The final contact group session on Friday morning (29 April) saw discussion on Australia’s insistence with respect to “new and emerging” issues (see above), and an attempt by Switzerland to raise questions about the AHTEG’s inclusion of components and products of synthetic biology within the scope of the Convention.  Members of the AHTEG in attendance at the contact group did not agree with Switzerland’s assertion that the AHTEG did not consider “the scope question as such” in relation to synthetic biology components and products. 

The contact group also considered compromise language on consideration of socio-economic, cultural, and ethical considerations that was proposed by Austria. The compromise had support from Bolivia, Norway, Malaysia, Finland and others. But it wound up in brackets due to opposition from Brazil and Canada, with the United Kingdom, Belgium and Japan offering modifications to Austria’s proposal that augured towards Canada’s position, that considering socio-economic, cultural, and ethical considerations of synthetic biology would constitute “mandate creep” of the CBD, despite the objectives of the CBD and prior decisions specifically supporting such work. 


The draft recommendation on synthetic biology that was finally adopted by SBSTTA (UNEP/CBD/SBSTTA/20/L.16), will be forwarded with brackets for consideration by the CBD COP at its 13th meeting in Cancun, Mexico to be held on 4 to 17 December.  

While it is agreed that the CBD’s work on synthetic biology will continue in the AHTEG and that, for many synthetic biology aspects regarding living modified organisms, also in the Cartagena Protocol and its AHTEGs, specifically the Cartagena AHTEG on risk assessment and risk management and the AHTEG on socioeconomic considerations, COP will have to take decisions on key issues.  In particular, the TOR of the synthetic biology AHTEG will, in the view of many developing countries, need to be strengthened and agreed to ensure AHTEG work begins on digital sequence data.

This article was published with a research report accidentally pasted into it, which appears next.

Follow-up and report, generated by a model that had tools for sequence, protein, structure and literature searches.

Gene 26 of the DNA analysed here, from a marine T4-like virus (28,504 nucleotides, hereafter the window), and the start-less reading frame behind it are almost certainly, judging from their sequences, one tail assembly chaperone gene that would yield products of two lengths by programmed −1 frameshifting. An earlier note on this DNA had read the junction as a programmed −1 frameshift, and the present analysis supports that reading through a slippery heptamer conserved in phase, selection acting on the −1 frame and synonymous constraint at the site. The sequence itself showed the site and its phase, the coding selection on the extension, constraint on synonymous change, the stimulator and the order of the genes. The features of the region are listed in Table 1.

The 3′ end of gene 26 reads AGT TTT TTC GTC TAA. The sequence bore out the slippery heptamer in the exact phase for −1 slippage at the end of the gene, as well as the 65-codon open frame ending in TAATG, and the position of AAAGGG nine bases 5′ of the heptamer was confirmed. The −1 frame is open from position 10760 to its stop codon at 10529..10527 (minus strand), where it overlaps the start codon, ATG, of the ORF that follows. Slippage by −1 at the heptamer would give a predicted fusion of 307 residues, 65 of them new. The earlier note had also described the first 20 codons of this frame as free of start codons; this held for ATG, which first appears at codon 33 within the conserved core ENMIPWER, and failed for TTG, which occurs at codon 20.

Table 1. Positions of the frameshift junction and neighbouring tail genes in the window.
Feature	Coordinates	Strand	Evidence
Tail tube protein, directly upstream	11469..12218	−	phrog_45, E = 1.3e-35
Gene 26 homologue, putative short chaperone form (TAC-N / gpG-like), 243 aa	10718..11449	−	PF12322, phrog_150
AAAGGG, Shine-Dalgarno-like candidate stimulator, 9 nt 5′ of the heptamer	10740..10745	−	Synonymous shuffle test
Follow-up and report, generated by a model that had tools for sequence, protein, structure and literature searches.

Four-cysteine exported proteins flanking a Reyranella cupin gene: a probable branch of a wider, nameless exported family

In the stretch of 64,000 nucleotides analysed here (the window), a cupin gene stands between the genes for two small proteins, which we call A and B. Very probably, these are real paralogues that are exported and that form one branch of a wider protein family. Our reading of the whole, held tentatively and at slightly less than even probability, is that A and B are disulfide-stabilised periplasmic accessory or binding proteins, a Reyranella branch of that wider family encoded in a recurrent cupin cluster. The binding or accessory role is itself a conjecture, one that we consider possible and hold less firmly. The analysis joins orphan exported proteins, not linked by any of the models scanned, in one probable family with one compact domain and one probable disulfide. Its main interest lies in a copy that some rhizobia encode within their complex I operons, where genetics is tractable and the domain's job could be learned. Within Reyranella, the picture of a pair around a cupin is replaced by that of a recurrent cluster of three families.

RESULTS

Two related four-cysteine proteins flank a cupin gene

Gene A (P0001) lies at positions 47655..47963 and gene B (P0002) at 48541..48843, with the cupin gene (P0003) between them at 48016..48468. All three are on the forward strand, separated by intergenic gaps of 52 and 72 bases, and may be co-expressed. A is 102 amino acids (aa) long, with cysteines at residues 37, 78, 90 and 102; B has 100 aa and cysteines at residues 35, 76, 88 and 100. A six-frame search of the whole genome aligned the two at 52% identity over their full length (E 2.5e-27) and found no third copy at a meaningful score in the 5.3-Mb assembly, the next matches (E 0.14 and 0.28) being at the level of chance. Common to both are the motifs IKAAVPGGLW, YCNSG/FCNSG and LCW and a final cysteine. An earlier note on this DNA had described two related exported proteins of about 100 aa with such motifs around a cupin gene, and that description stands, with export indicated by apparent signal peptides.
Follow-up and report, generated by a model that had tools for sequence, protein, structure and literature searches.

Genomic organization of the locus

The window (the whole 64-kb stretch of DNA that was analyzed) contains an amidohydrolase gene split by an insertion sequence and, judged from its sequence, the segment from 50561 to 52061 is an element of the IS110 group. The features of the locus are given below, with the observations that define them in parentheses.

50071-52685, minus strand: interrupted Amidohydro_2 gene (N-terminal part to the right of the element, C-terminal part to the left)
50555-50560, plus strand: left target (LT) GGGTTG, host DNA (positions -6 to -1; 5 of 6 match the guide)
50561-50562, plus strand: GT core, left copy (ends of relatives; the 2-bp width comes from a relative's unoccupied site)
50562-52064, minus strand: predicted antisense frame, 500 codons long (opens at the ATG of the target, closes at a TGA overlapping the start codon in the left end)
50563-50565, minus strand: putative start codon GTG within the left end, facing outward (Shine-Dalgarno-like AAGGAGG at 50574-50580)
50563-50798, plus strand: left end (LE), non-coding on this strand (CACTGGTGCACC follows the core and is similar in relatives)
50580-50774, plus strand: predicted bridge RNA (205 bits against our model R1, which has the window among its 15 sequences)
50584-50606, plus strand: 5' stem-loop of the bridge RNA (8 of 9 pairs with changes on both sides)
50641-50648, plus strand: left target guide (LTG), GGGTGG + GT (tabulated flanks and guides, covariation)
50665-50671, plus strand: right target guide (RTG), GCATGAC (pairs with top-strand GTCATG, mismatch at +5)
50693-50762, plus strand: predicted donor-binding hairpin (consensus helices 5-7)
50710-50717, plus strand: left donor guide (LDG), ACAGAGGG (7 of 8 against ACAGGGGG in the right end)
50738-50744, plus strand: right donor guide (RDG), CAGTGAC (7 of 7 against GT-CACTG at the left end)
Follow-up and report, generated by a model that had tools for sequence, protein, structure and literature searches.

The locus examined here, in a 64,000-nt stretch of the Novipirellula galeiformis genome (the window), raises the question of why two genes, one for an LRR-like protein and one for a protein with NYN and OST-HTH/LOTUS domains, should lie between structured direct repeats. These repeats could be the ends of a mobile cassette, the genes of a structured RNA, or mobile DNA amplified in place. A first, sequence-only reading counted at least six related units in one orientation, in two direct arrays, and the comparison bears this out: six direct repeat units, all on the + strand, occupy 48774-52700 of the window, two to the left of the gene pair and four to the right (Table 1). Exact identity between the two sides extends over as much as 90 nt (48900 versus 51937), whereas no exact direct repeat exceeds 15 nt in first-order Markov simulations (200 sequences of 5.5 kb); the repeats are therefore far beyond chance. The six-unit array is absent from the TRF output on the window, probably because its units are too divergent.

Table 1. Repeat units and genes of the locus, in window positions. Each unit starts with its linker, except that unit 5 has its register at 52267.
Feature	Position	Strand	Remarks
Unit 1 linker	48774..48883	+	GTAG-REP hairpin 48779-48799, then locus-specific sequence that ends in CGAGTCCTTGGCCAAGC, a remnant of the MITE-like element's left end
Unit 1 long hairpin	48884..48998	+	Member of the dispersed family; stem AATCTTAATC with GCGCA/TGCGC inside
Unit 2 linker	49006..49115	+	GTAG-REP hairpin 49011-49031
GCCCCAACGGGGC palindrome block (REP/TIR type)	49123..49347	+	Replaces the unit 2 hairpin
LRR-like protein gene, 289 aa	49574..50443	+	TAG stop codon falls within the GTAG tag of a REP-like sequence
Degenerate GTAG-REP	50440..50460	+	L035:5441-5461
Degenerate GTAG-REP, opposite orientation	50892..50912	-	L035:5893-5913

Further, given the threats to sustainable use of biodiversity by small farmers that may be arising due to synthetic biology (e.g. vanilla farmers), the tenuous position of socio-economic, cultural, and ethical position in the CBD’s synthetic biology work needs strengthening.  Finally, gene-editing techniques, particularly in gene drive applications, merit a more rapid and specific response from the COP.  On gene drives, a number of civil society organizations have proposed a moratorium, a discussion that can be renewed in Cancun.  

(*Edward Hammond is Director of Prickly Research, a USA-based policy research organization. He participated at the SBSTTA meeting in April.)

Synthetic Biology Debate Ahead of Biodiversity Treaty’s Top Meeting